There are sublime moments in the Culhane/Hardaway/Schaffer Lantz cartoons--Wally Walrus' dismantling of his girlie pic collection in Chew Chew Baby, the characters and dialogue of the two spiders in The Painter and the Pointer and the ping pong ball/hard boiled egg business in The Dippy Diplomat come to mind. Outside of Avery, Hardaway never found a director-collaborator who might smooth out his worst tendencies, while finding a viable outlet for the loonier side of his humor sensibility.

Hardaway soldiered on, the cheerful corn peddler, ignoring narrative logic and character motivation in search of the crazy sight gag, belabored pun, or cumbersome set-up for results that often weren't worth the effort. He is an important figure in Hollywood animation, as said at the start of this essay, but time has not been kind to his work. It probably seemed awkward in its heyday.

"Bugs" Hardaway was a necessary evil in the development of the American animated cartoon in its path away from the Disney method. He will work with Avery again at the Schlesinger studio, in a sequence of cartoons that are the high moments in his filmography.

* Thanks to Devon Baxter for suggesting the alternate title to this essay.

Thanks, also, to Chase Pritchard, for remembering THIS POST on Michael Barrier's great blog about the discovery of cut dialogue for this cartoon. I'd love to hear the contents of this found recording!

PS: This isn't a blog about who-did-what, but an exploration of a brilliant filmmaker's growth in his formative years. That said, cartoon voice authority Keith Scott offers this dense factoid block, for those who need to know the little details. Thanks, Keith!

The radio references in this cartoon should be mentioned...the hunter is an excellent imitation of Joe Penner whose radio show was, at the time of this cartoon's release, a top-rating comedy program. The hunter chorus saying "Ooooooooh yeah" is a catchphrase used on the Ken Murray Show by his stooge "Oswald," and the tortoise referee is a Mel Blanc imitation of Harry Einstein's Greek-accented character Parkyakarkus, heard regularly on the radio shows of big-timers Al Jolson and Eddie Cantor. All these audio gags would have got big laughs at the time from the original theatre audiences as topical humor. Also Clampett said that the silhouette is Ted Pierce who performed this action on film for the animators' reference.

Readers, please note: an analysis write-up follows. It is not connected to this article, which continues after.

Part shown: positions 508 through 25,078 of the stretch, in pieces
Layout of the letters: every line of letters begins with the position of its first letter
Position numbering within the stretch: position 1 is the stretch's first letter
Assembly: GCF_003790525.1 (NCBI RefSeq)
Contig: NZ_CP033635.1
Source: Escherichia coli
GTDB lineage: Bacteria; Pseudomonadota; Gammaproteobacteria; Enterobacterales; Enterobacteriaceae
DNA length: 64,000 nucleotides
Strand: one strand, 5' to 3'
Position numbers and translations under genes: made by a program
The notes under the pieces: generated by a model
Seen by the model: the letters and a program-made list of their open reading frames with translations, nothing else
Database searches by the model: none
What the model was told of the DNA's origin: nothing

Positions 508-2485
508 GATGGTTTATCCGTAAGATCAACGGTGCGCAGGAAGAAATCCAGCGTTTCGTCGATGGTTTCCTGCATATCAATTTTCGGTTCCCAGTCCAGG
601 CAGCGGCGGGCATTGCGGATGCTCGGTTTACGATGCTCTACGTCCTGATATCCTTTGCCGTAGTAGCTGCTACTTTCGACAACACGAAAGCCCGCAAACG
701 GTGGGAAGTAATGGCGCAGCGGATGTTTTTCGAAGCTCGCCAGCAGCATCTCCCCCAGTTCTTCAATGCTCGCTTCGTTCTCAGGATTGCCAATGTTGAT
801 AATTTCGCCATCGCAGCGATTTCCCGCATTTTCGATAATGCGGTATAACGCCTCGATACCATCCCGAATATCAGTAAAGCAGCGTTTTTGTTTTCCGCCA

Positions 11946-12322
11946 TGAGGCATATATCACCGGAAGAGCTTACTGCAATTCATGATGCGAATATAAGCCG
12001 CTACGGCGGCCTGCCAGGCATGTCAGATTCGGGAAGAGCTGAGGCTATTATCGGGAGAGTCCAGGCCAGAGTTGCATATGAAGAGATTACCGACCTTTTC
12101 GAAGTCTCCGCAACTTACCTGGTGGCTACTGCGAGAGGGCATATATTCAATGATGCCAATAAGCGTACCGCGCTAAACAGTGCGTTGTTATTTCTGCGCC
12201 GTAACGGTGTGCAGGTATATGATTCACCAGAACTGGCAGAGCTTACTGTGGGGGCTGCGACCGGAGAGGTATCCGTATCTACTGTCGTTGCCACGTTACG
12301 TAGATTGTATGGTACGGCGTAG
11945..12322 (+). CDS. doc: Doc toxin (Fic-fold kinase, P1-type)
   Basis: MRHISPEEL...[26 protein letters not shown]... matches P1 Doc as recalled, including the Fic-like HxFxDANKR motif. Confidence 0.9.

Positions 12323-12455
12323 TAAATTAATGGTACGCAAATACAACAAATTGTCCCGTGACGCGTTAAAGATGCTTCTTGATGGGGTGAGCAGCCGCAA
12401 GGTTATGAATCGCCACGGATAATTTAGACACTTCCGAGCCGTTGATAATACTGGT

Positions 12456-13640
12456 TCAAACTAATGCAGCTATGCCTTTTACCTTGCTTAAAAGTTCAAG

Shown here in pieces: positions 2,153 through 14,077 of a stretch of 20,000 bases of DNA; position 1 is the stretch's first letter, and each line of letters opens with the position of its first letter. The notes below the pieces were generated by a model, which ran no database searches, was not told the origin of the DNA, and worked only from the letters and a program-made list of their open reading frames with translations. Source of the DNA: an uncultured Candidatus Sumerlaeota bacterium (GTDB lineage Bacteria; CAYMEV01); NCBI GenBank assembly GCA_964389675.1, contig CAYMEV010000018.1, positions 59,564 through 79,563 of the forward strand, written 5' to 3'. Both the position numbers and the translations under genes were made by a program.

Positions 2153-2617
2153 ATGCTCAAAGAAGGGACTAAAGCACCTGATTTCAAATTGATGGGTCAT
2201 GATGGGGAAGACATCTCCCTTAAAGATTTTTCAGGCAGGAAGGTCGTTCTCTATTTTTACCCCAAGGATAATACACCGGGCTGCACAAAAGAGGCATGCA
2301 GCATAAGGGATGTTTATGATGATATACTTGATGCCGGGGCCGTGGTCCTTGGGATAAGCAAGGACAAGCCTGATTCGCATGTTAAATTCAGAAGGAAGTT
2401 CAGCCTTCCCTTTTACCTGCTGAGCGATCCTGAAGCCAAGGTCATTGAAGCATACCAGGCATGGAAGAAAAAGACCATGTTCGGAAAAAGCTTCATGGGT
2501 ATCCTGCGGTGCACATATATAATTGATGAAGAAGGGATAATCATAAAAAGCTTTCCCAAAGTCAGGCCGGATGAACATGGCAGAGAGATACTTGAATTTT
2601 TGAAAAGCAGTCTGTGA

PPS: For extra credit, click HERE to hear about five minutes of unedited voice tracks from the recording session for this cartoon. Included are several cut lines of dialogue.

UP NEXT: Cause and Effect 101: The Sneezing Weasel


  1. I excuse the self-aggrandizing musical number here, since "The Merrie-Go-Round Broke Down" at the time was still a relatively new song that Carl Stallng had fallen in love with, and as part of the Merrie Melodies' requirement for some sort of musical number, it may have had to be included in order to get the defiantly non-MM aspects of the rest of he cartoon through the production process. If that's the case, having the Looney Tunes' new signature theme with specialized lyrics as the featured number is a small price to pay.

    There also used to be audio on the Internet of Mel doing some lines by Daffy cut from this cartoon, which I saved, but lost in a computer crash, and which I can't find online anymore. It included a gag on Social Security, with Daffy pleading with Egghead to spare him so he could live long enough to see it. Both aspects would end up elsewhere -- the Social Security jabs coming out of Porky's dog, Streamline, in Tashlin's "Porky's Spring Planting" later in the year, while Hardaway would use the pleading-for-his-life bit in both of his rabbit cartoons.

  2. And to Keith Scott's commentary I shall further mention that Eggy's voice was done now by Dave Weber aka Danny Webb, though Mel Blanc did the voice in the debut ("Egghead Rides Again") and some later ones like 1939's "A Day at the Zoo".And glad to find out about cut dailogue.

  3. Good analysis. I can overlook hardaway's faults in this cartoon because I prefer the early crazy daffy and he gets 7 minutes of screen time in this cartoon (and I like egghead more than elmer fudd but I may be the only one who does). For what it's worth, I see the song as a celebration of his craziness, an anthem if you will rather than an explanation or self aggrandizement.